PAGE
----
I was speaking with Allan Steen a few months ago at a Jhoon Rhee Reunion event in Washington , D.C. I talked with him about his tournament in Dallas – which was one of my early tournament experiences. I remembered it like it was yesterday many great memories of that tournament. When I wasn't fighting in the Junior Brown-Black division – I was following Pat Worley around with my movie camera (remember when they were film cameras – that needed to be processed?) I filmed all of his fights and watched them over and over and over to master his style and methodologies.

    Anyway – during my discussion with Steen – I laughingly recalled the rules – see this particular event was one of the early tournaments to use the Jhoon Rhee Saf-T-Pads. The rules went something like this – supporting leg sweeps were legal – you had 3 seconds once they hit the ground to score – head gear was not required – in fact – I'm not sure anyone had heard of the concept – and, the tournament was 100% on a concrete floor. Wait a minute, did I mention it was “full-contact” – if you knocked your opponent out you won (including, I might add if the floor knocked them out during a sweep.)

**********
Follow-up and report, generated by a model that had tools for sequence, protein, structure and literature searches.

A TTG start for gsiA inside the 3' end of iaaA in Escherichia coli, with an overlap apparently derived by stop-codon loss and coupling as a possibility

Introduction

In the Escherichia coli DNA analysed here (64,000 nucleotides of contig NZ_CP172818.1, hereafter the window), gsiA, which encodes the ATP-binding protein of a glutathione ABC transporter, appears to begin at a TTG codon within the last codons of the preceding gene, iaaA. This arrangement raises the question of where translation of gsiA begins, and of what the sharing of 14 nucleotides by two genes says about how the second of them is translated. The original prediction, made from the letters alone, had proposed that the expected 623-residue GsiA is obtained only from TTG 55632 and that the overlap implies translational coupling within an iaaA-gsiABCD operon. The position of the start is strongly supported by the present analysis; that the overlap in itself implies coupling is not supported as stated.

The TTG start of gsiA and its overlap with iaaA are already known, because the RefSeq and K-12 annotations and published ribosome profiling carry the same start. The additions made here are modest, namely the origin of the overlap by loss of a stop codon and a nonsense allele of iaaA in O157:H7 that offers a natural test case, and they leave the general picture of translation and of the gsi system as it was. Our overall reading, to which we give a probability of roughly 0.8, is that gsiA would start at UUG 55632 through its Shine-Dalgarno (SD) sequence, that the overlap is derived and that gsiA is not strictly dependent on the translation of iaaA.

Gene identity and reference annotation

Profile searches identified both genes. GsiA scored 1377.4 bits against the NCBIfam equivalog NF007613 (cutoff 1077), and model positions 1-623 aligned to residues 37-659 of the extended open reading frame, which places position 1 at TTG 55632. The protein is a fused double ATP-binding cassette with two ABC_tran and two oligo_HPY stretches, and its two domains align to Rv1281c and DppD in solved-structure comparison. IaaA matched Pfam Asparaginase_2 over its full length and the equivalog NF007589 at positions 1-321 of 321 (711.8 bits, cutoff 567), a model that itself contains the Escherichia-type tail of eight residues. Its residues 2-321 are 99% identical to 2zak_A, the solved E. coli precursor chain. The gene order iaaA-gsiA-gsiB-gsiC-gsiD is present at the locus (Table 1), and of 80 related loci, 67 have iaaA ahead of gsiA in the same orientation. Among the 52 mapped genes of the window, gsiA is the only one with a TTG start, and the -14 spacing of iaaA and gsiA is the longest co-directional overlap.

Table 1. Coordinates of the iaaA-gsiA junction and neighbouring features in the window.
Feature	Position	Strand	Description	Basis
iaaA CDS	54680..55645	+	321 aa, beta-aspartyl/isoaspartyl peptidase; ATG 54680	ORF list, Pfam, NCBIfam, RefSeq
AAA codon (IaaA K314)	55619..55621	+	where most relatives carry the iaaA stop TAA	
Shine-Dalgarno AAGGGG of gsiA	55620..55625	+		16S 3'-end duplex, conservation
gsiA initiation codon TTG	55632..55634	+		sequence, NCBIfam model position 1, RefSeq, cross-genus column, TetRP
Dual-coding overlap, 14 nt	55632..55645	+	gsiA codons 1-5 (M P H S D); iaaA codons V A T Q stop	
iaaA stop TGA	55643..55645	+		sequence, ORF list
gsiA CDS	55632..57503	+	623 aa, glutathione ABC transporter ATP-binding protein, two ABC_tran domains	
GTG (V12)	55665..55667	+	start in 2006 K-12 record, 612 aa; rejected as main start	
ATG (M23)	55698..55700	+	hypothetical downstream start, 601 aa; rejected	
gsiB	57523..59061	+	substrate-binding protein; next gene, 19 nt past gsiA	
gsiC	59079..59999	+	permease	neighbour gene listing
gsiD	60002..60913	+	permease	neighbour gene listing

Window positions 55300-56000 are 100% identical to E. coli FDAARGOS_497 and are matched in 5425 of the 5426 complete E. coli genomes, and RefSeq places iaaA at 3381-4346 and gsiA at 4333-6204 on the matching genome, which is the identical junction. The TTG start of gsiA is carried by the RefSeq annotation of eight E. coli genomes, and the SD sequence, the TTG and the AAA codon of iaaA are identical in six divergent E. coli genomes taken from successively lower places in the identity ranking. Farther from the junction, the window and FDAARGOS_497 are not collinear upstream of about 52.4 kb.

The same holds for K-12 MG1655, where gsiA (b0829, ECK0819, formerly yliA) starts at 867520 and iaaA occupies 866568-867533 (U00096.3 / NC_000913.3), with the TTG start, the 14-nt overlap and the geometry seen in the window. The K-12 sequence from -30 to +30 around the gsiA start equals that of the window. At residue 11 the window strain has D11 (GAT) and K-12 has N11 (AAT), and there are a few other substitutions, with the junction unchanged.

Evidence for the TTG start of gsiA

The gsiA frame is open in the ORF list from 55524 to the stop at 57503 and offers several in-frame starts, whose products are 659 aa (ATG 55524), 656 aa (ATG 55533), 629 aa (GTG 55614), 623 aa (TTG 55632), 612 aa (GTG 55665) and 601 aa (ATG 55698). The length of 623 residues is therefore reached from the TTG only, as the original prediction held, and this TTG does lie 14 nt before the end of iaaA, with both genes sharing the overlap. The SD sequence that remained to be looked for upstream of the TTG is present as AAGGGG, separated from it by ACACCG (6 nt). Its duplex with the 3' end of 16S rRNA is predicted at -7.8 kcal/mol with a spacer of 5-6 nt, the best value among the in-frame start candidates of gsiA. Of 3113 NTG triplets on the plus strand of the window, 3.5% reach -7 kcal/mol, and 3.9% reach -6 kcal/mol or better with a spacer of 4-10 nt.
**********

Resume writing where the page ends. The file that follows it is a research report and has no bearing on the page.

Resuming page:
Allen laughed and then said – yeah, we had 42 ambulance calls that day!

    You know – if I hadn't been so young and enthusiastic – I really would have rethought participating in an event like that – or, in the many other wacky things we did.

    I remember one of my instructors Gran Moulder (a 2 nd Degree Black Belt at the time with the Jhoon Rhee Institute.) Now, I'm not saying that Gran was wound “too tight” but, he was one of those marines who enjoyed “ NAM ” a little too much. After 2 or 3 tours of crawling through the Viet Cong caves with a Bowie Knife – and, staking out bodies at night to set ambushes – the marines decided he probably shouldn't go back – and, sent him back to Tulsa to abuse me and my classmates.